Telling a West African tale begins with the main ingredient: cocoa beans. Sourced from cocoa farmers in Ghana, these beans carry the distinct chocolatey notes exclusive to the terroir of the country. An additional West African taste stems from the beans’ fermentation process, which follows a Ghanaian tradition relying on plantain leaves. During this seven-day fermentation, the beans are sandwiched between the leaves, the sugar in the fruit is drawn out and the natural bacterias are broken down until the beans dry under the sun. At this point, Atadika and her team of women chocolatiers purchase the couverture from a licensed buying company (because cocoa beans are centralized through the Ghanaian government), where they add their adventurous infusions.
For Atadika, working with an all-woman team is an essential part of production, because it helps create new, sustainable livelihoods for women and the traditions they used to partake in. “For example, for dawadawa [a fermented locust bean seasoning] to have survived the test of time, the women fermenting it and their communities need to have ways in which these products are being used in modern ways with exposure to new economies,” Atadika explains. “The more people who eat dawadawa that’s coming from Northern Ghana, the more these livelihoods go on. One of the things I’ve realized in a lot of my trips around Ghana and parts of the continent is that these traditions are being lost. For example, Maggi Cubes [bouillon cubes] have flooded the market. So a lot of people are using some of those products and the traditional ferments are losing popularity. A lot of young women in the communities don’t want to learn the trade. This is how we support that.” It’s also why their next line of truffles includes dowadowa, sourced from a slow food community of women.
Amplifying women is also reflected in the chocolate’s packaging. Each iteration of chocolate is named after powerful women in Atadika’s life, known either personally or from stories. The Adowa—a dark chocolate truffle filled with a milk chocolate ganache, infused with five West African spices—is also the name given to girls born on Monday in Ghana like the founder’s mother.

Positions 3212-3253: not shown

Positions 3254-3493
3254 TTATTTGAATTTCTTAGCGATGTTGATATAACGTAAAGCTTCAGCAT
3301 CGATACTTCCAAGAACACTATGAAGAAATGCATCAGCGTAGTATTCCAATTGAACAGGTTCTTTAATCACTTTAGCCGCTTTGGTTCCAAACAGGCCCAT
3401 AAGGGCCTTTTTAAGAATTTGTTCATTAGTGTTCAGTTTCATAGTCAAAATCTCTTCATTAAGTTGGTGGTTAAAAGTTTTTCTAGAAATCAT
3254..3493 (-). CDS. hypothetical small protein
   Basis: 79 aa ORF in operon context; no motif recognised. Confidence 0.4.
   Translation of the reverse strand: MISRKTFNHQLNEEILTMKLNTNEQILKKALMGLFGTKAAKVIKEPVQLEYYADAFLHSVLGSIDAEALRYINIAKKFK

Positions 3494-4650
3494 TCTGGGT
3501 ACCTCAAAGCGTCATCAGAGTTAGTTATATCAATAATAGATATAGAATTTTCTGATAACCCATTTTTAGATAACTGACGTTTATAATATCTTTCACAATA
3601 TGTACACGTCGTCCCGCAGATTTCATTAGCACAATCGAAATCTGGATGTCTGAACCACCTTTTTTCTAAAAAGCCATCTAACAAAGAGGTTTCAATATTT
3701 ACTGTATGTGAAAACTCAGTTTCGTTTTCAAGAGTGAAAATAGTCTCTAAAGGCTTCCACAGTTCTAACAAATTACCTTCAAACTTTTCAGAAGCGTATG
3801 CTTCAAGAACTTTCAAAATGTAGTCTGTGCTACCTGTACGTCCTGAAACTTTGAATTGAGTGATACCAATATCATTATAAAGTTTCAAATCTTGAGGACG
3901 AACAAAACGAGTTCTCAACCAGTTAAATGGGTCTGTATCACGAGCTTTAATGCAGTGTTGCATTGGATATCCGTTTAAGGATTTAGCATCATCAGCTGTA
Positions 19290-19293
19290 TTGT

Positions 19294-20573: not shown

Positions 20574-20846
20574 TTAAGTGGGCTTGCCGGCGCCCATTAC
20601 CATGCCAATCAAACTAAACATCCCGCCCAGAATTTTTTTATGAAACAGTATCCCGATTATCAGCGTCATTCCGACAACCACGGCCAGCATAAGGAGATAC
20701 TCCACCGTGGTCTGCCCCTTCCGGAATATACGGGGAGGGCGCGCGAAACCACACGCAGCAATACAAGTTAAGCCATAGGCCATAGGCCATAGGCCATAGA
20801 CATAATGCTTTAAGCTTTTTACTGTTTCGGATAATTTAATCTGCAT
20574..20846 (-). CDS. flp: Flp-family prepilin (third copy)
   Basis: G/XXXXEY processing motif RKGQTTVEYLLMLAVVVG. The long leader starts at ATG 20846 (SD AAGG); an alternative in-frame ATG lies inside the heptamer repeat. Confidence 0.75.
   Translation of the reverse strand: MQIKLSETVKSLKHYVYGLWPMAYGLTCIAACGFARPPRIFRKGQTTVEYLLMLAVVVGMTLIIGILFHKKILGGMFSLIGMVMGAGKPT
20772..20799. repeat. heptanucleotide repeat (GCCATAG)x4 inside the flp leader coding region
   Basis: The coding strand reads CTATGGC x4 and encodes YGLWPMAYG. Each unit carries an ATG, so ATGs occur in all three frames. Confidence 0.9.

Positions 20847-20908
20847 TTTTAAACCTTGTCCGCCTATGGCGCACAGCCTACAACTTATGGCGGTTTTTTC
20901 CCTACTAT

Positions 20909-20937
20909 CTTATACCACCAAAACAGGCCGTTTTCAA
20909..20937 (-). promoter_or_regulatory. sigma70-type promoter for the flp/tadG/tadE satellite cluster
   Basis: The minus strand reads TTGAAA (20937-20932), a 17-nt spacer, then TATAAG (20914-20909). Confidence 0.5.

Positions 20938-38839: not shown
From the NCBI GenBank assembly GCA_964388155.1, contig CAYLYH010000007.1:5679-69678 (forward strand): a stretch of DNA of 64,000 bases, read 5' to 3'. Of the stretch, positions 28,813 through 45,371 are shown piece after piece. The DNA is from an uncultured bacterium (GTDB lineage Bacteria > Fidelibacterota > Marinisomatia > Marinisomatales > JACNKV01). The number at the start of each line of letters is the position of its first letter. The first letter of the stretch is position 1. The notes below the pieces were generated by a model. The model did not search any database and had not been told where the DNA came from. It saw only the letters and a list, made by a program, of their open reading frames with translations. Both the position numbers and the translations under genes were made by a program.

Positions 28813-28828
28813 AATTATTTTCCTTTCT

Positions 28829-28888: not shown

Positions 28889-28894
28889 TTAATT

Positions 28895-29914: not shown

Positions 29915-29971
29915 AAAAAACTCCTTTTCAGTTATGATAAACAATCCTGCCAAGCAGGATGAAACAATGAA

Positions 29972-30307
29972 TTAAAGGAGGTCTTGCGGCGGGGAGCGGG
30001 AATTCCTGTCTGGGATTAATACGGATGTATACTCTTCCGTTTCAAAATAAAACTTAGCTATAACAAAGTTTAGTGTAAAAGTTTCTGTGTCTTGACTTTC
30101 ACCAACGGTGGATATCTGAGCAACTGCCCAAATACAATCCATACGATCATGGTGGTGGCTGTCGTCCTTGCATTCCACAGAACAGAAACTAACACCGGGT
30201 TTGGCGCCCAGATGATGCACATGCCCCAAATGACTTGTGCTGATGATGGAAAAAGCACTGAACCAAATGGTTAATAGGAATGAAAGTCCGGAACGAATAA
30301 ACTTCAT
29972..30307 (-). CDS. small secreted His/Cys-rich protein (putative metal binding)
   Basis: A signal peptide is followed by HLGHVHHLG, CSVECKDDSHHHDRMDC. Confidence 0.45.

Cultural references like these suffuse the truffles’ aesthetic as well. Glancing at the six-piece truffle box, one can’t help but notice the vibrant selection of colors and patterns on display. These ornamentations are designed by Atadika, who based each pattern on textiles and motifs from the region. After an ingredient has been chosen as a flavor, the chef reflects on what country or context inspired the choice. Then she selects a textile from that locale. Take, for instance, the truffle Nandi which relies on a liquor from South Africa. Its accompanying design features the pattern of the South African textile shweshwe, a fabric initially used during Apartheid to designate Black workers, but over the years has since been reclaimed by Black South Africans. Visually and sensorially, Nandi captures this story of ownership. “The names are there; the designs are there—all allow you to learn a bit more about the continent in a way that is digestible,” she elaborates.
Going forward, the founder hopes to grow the company to be fully bean to bar, a tricky feat given the legislative complications in Ghana’s centralized cocoa farming industry. Still, Atadika aspires to continue sharing her culture and fostering her community’s market. “I would love to see it growing out beyond the US into other international markets, just to be able to share that education and so those traditions can stand the test of time,” she tells us. Despite its dedication to honoring tradition, Midunu reinvents chocolates for the future of Africa.
All images courtesy of Midunu Chocolates